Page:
Ben May, senior Eurozone economist at Oxford Economics, says Yes.
During the Eurozone crisis, the Italian economy largely remained on the sidelines of the troubles. But this also meant that Italy failed to restructure its banks and make the painful structural reforms essential for long-term survival in the Eurozone. Added to that, it appears increasingly likely that the government will lose October’s constitutional reform referendum, triggering new elections and possibly a new government headed by the populist Eurosceptic Five Star Movement. Confindustria (the Italian employers’ federation) has predicted that this could plunge Italy back into recession, which would add to the banks’ huge piles of non-performing loans and push government debt ever closer to unsustainable levels. While the Eurozone’s crisis management tools have been strengthened over time, the region is ill-equipped to support an economy that is over nine times larger than Greece’s and able to wreak havoc on the Eurozone economy and financial markets just by threatening to leave the currency bloc. Italy is a ticking time bomb.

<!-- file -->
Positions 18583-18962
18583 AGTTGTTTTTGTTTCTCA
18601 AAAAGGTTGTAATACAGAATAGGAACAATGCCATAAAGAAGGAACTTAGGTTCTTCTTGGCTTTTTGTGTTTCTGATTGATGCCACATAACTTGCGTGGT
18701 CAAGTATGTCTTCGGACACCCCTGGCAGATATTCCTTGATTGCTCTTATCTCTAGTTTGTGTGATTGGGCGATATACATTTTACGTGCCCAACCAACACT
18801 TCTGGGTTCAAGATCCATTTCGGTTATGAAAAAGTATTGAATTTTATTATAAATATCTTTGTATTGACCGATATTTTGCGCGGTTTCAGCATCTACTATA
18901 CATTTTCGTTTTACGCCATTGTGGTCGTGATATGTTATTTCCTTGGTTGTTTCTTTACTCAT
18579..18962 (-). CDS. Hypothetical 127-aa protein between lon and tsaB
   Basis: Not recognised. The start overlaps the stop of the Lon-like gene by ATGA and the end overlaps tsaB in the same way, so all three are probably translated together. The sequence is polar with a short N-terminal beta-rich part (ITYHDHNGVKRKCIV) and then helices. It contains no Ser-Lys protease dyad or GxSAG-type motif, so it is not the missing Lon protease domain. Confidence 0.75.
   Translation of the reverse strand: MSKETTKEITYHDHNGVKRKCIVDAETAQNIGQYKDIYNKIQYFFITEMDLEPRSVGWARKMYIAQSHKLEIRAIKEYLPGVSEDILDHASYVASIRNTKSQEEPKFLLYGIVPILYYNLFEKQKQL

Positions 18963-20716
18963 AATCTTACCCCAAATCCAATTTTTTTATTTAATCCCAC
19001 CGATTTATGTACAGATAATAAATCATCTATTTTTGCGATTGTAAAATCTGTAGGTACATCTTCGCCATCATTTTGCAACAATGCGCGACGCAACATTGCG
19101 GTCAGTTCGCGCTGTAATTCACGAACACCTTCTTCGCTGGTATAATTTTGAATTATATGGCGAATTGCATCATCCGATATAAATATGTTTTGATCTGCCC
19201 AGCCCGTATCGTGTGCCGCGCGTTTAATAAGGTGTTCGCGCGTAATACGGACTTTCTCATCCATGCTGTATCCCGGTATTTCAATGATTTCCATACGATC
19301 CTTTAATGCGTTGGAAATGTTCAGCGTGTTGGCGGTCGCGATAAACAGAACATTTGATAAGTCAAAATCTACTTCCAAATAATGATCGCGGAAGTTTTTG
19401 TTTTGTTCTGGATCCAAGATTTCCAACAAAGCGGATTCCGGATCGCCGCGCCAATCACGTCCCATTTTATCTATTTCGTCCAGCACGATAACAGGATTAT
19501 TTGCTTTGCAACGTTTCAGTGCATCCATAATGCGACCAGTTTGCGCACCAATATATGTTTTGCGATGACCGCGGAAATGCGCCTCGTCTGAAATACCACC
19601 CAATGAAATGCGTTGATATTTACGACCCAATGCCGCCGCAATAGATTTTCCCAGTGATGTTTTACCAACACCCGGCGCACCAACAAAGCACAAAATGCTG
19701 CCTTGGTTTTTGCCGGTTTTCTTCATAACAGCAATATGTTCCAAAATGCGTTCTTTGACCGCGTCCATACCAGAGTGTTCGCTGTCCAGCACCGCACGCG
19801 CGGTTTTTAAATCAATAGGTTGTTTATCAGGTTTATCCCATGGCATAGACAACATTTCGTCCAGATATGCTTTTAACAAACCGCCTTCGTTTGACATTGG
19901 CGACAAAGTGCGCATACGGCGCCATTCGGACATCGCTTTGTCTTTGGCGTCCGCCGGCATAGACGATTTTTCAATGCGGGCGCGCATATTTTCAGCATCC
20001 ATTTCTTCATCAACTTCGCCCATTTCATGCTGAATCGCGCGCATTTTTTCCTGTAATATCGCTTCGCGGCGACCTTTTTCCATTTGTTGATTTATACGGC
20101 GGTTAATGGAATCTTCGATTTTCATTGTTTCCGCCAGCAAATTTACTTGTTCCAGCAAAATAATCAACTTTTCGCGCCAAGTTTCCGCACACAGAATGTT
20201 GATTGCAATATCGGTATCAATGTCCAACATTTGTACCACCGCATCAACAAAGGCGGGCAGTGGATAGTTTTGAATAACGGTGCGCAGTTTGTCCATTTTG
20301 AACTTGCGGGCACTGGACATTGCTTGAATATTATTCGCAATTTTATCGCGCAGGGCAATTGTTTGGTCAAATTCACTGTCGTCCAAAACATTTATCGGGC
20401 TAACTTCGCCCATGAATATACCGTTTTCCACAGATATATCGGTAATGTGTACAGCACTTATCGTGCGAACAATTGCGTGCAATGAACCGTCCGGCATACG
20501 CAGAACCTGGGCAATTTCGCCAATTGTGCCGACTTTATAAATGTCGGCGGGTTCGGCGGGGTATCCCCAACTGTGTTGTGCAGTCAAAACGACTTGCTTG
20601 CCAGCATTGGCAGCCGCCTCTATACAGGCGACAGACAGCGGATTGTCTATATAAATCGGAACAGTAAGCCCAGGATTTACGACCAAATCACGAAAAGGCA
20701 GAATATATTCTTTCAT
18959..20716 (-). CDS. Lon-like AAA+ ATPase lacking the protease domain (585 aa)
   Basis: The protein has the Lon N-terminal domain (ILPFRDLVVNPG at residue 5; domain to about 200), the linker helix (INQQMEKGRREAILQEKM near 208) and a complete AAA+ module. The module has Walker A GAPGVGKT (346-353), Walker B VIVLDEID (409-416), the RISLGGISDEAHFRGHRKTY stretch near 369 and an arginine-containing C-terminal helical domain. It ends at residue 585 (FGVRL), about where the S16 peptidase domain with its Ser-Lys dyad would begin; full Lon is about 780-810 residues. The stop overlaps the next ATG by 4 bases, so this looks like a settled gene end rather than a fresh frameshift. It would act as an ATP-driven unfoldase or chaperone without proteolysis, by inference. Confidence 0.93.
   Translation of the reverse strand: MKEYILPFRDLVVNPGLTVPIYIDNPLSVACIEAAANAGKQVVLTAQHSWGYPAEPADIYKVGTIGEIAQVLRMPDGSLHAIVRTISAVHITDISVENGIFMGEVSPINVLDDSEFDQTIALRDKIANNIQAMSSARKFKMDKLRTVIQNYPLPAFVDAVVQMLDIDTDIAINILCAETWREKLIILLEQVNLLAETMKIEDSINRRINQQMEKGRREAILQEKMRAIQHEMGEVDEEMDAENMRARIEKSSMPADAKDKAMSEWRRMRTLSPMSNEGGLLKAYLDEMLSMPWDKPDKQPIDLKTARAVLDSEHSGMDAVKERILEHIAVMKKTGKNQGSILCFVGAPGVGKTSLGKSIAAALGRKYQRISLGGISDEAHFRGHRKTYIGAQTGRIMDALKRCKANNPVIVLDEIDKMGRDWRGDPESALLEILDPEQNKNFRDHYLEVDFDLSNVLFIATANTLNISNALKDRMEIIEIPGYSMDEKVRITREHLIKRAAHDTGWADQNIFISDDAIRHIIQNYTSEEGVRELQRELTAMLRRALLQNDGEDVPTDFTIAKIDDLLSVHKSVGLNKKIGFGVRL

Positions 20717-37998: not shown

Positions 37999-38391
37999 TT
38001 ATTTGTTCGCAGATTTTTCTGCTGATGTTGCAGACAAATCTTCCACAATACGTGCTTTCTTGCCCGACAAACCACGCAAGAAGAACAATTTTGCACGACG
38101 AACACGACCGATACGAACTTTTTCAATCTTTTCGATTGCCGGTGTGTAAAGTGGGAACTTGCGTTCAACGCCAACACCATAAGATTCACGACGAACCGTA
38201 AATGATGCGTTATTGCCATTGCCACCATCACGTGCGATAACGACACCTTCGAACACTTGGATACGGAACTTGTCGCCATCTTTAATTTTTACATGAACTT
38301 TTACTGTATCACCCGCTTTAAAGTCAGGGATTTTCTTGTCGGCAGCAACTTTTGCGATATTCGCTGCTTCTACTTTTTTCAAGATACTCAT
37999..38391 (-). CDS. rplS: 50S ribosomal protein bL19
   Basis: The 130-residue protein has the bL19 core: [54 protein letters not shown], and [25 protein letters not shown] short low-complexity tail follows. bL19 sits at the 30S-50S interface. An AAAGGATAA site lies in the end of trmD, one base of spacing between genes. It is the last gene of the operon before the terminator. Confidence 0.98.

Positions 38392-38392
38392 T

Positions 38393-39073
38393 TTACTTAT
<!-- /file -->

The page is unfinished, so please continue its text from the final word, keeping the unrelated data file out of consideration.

Danae Kyriakopoulou, managing economist at the Centre for Economics and Business Research, says No.
The Eurozone crisis never went away. It merely took a break from newspaper covers as Brexit took centre stage. Non-performing loans, skyrocketing youth unemployment, the failure of extraordinarily loose monetary policy to kickstart a proper recovery – these have been there all along and this is the real crisis. Italy’s troubled banks are the latest manifestation of systemic issues plaguing the currency union. It certainly brings us into dangerous territory – at CEBR, we’ve repeatedly highlighted Italy’s banking sector as the bloc’s biggest risk. Will it bring the Eurozone back to the front pages? Highly likely. Will it lead to a Eurozone break-up? Not as likely. Eurozone politicians have proven again and again that politics come before economics and that the union is here to stay. Some options are already on the table, such as boosting bank fund Atlante or, as a last resort, using taxpayers’ money. It wouldn’t be a first: it was taxpayers that bailed out French and German banks via the Greek state bailout.